Google battles ‘bad’ and scam products amid claims it removed 1.6b ads in 2016

Google has allegedly tightened policies and created new technologies in its fight to abolish “bad” and scams ads, with its blog suggesting it has removed 1.6b ads from the internet in the past 12 months.Google

The digital advertising company, which receives 90% of its revenue from advertisers has revealed in its blog that it is actively tackling the “bad ads” that “promote illegal products and unrealistic offers” or “trick people into sharing personal information and infect devices with harmful software.”

Scott Spencer, director of product management for sustainable ads, said the company has a “strict set of policies that govern the types of ads we do and don’t allow on Google in order to protect people from misleading, inappropriate, or harmful ads.

“We have a team of engineers, policy experts, product managers and others who are waging a daily fight against bad actors.”

Google allegedly disabled more than 5m payday loan ads following the introduction of its new payday loan policy in July 2016, as well as disabled 112m ‘trick to click’ ads – ads which scare users with system warnings – by using “beefed up” technology.

Among the results, Google also claims to have removed 68m bad ads for illegal pharmaceutical products, up from 12.5m ads removed in 2015, as well as 17m ads promoting illegal gambling.

Spencer noted the company’s push on disabling ads that mislead the public, taking down almost 80m bad ads for deceiving or shocking users.

While the blog did not directly address advertising on fake news websites, Spencer said a website which misled consumers and promoted bad ads could be suspended.

Google introduced an AdSense misrepresentative content policy in November last year to tackle website owners using the company’s AdSense platform, who were misrepresenting themselves and deceiving users with content.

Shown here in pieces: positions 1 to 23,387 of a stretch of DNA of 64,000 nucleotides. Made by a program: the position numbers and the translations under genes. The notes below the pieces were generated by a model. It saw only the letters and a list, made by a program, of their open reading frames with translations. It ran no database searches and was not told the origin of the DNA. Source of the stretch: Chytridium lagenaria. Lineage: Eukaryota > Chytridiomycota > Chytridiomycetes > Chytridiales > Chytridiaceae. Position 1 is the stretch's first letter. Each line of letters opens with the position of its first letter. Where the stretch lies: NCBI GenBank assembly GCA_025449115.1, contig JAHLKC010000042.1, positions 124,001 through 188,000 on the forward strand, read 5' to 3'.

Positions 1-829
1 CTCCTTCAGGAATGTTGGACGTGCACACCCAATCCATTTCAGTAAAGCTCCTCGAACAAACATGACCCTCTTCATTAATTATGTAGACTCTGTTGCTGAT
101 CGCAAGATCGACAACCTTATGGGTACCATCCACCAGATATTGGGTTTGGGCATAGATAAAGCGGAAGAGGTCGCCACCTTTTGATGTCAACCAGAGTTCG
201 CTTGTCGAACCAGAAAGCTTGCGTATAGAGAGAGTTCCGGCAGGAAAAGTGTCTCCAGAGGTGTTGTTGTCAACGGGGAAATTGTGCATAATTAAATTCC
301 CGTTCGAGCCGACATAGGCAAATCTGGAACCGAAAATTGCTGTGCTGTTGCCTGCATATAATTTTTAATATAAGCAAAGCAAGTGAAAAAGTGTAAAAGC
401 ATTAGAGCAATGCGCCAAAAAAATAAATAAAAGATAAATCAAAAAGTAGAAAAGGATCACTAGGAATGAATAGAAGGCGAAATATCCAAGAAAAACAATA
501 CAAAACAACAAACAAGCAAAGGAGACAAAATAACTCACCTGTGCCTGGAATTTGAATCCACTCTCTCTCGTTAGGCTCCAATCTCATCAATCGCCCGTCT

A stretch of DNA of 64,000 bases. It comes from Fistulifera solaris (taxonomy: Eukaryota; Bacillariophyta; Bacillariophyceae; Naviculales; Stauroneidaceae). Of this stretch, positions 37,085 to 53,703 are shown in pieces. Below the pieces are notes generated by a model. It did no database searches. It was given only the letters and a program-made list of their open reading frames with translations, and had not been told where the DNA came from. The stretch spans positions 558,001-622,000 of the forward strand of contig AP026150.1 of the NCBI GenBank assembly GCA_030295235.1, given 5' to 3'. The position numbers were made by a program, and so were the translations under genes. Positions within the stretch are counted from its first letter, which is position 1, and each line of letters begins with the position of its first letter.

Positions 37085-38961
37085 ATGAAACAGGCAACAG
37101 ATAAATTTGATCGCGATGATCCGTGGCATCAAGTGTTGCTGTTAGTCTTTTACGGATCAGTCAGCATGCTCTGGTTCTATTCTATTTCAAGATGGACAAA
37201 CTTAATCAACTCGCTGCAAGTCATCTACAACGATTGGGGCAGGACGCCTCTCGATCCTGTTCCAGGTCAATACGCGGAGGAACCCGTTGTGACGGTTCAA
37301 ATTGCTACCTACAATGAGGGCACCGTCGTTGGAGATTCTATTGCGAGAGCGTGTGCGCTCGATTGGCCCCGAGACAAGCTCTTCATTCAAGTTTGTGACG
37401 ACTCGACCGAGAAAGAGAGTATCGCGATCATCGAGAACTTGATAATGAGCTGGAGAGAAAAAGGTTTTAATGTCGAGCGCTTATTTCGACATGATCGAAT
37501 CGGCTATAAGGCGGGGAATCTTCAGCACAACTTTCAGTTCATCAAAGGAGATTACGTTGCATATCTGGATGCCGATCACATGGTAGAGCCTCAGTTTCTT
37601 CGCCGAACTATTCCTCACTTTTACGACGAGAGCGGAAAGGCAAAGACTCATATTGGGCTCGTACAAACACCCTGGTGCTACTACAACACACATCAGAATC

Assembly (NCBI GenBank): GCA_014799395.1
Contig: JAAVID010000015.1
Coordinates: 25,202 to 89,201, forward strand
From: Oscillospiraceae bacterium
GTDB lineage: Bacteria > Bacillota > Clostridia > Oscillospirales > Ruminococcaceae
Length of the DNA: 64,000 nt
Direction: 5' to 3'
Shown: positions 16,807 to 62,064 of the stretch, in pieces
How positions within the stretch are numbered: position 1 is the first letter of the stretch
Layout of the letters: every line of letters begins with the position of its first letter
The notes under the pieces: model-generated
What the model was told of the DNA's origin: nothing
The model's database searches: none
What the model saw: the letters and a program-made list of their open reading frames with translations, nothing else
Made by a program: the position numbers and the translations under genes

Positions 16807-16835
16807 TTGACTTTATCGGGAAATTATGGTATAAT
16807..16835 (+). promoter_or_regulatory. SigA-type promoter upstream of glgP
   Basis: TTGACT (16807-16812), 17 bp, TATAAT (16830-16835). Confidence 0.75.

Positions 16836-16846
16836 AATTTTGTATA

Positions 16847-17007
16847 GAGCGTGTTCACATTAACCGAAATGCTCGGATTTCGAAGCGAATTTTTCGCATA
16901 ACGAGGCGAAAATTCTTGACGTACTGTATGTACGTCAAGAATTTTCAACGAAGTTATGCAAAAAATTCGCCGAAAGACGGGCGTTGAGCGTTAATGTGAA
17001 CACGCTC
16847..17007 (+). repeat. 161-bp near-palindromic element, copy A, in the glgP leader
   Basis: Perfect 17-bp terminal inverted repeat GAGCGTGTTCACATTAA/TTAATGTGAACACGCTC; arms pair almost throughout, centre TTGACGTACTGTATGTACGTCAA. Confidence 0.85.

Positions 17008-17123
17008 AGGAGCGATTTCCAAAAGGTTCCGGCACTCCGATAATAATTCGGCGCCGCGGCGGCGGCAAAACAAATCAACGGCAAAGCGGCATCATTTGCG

The AdSense misrepresentative content policy targets fake news sites, sites trying to obtain personal data and plagiarised term papers.

The blog claims Google has reviewed 550 sites since the policy was introduced, and has taken action against 340 which violated policies, with almost 200 publishers being removed from its AdSense network.

“When a publisher violates our policies, we may stop showing ads on their site, or even terminate their account,” Spencer said.

Google also said it is managing ads that self-click, promote malicious websites and “tabloid cloakers”, that attempt to use timely topics to attract consumers; however, it is not clear whether it can pull ads from websites that are not obviously flagged.

While Spencer said the company has put the right steps in place to remove ads that can “ruin the online experience,” he believes scammers will continue to invest to trick Google systems.

“While we took down more bad ads in 2016 than ever before, the battle doesn’t end here,” he said.

“Continuing to find and fight them is essential to protecting people online and ensuring you get the very best from the open web.”


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